Backyard urban beekeeping

| 5/11/2011 12:06:32 AM

Tags: urban homesteading, urban beekeeping, Deanna Duke,

Urban Bee CompanyAlong with turning our front yard into a giant edible wonderland, my husband and I are thinking of getting backyard bees. We have a couple of options: we can host a hive through one of several organizations in the area (our top choice is Urban Bee Company) or we can set up our own shop.

Last year I took a class on beekeeping from Seattle Tilth and learned, more or less, the basics. I also received a review copy of Keeping Bees with Ashley English: All You Need to Know to Tend Hives, Harvest Honey & More, which I've been dutifully studying.

Unfortunately, all the books and training I've had has been on Langstroth hives. Both companies that do the hosting stuff in Seattle also use Langstroth hives. But, I've been immensely fascinated by top bar hives which seem easier and more natural in many respects.

The benefits of hosting a hive are that I don't have to do anything besides provide the space. At the end of the deal, we get 10% of the honey. We'll most definitely be going this route for a number of reasons (laziness and fear top the list), but I still am drawn to the top bar hives.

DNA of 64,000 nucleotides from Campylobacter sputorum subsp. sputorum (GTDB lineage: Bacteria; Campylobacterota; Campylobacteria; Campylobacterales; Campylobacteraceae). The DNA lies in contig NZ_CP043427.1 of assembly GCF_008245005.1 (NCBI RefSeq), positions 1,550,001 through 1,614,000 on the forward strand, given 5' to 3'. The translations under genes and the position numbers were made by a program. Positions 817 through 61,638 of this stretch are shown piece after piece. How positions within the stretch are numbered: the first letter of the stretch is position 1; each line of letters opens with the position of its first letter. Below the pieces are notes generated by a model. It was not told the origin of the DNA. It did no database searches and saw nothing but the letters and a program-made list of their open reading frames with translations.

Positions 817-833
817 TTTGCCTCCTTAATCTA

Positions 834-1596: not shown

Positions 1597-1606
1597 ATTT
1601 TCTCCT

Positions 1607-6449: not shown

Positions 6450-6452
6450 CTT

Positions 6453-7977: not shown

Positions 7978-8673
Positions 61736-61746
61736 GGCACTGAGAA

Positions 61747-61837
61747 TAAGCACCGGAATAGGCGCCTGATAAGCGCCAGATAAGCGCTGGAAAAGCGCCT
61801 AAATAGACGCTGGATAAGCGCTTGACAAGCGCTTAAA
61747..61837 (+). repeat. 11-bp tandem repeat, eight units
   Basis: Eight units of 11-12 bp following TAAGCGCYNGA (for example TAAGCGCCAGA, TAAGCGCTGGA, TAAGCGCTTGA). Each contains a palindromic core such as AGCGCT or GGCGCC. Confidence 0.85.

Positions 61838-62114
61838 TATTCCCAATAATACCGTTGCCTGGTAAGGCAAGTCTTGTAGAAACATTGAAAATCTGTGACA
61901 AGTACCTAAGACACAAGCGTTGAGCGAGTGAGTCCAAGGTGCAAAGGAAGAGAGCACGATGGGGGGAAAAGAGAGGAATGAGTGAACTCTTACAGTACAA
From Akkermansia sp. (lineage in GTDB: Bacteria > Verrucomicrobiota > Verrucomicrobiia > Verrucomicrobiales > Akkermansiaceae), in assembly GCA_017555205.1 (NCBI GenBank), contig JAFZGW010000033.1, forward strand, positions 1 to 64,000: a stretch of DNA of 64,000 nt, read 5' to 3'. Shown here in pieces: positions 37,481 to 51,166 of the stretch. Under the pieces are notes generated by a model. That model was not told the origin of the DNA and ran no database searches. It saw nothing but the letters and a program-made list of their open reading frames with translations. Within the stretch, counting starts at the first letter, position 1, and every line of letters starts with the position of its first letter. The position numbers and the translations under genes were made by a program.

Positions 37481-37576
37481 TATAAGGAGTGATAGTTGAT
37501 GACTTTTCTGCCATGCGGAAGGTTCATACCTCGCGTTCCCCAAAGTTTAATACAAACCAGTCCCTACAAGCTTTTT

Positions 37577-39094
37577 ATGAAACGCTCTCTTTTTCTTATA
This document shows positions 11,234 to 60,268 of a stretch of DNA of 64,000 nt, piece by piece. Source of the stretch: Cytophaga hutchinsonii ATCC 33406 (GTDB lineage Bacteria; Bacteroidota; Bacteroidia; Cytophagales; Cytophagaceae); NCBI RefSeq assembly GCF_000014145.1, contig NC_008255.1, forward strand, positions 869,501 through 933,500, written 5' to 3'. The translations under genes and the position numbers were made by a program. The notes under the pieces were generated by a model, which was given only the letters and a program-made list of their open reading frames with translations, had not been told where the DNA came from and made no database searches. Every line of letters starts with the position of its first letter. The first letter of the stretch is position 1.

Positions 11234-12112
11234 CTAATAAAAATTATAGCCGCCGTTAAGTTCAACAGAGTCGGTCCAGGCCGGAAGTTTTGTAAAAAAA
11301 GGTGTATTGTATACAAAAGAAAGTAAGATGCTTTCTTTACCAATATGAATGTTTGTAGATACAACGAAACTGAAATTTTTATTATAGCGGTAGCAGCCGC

Do any of you keep bees and, if so, what kind of hives do you have?

6/2/2011 10:24:07 PM

I am a new Beekeeper. We live on 4.5 acres and I have a liking for Honey. I researched topbar hives on the internet and found plans for free. My husband made my hive and I love it. I ordered my bees from a local Beekeeper. I haven't taken any classes yet but I will. I'm having some trouble with determining the difference in brood comb and capped honey. My bees started their combs at an angle to the top bar, this has caused some of the comb to be attached to the other topbar. I hope to straighten this out when I harvest Honey. That should happen the first week of july. I'll keep you posted.

5/28/2011 2:58:11 PM

I am a wannbee-keeper. I have blackberry brambles for a neighbor and would like to make use of their nectar since I can't get rid of them. While the cascading effect over my fence is convienient for picking, the cane shoots that come up across my organic garden are a nucense. Since the 100' brambling baracade can't be removed, I want to maximize their potential and make use of them. In this case making blackberry lemonaide out of blackberries. I have been surfing the internet finding swarms of information with demo's on utube, collecting used books from, and our local Master Gardeners group but as of yet still an armchair beekeeper. Maybe we could start a support group for wannabee's.

5/11/2011 9:11:35 AM

Based out of Portland, OR, this company makes Warre and Top bar hives: - I attended one of his classes and am planning on a top bar myself.

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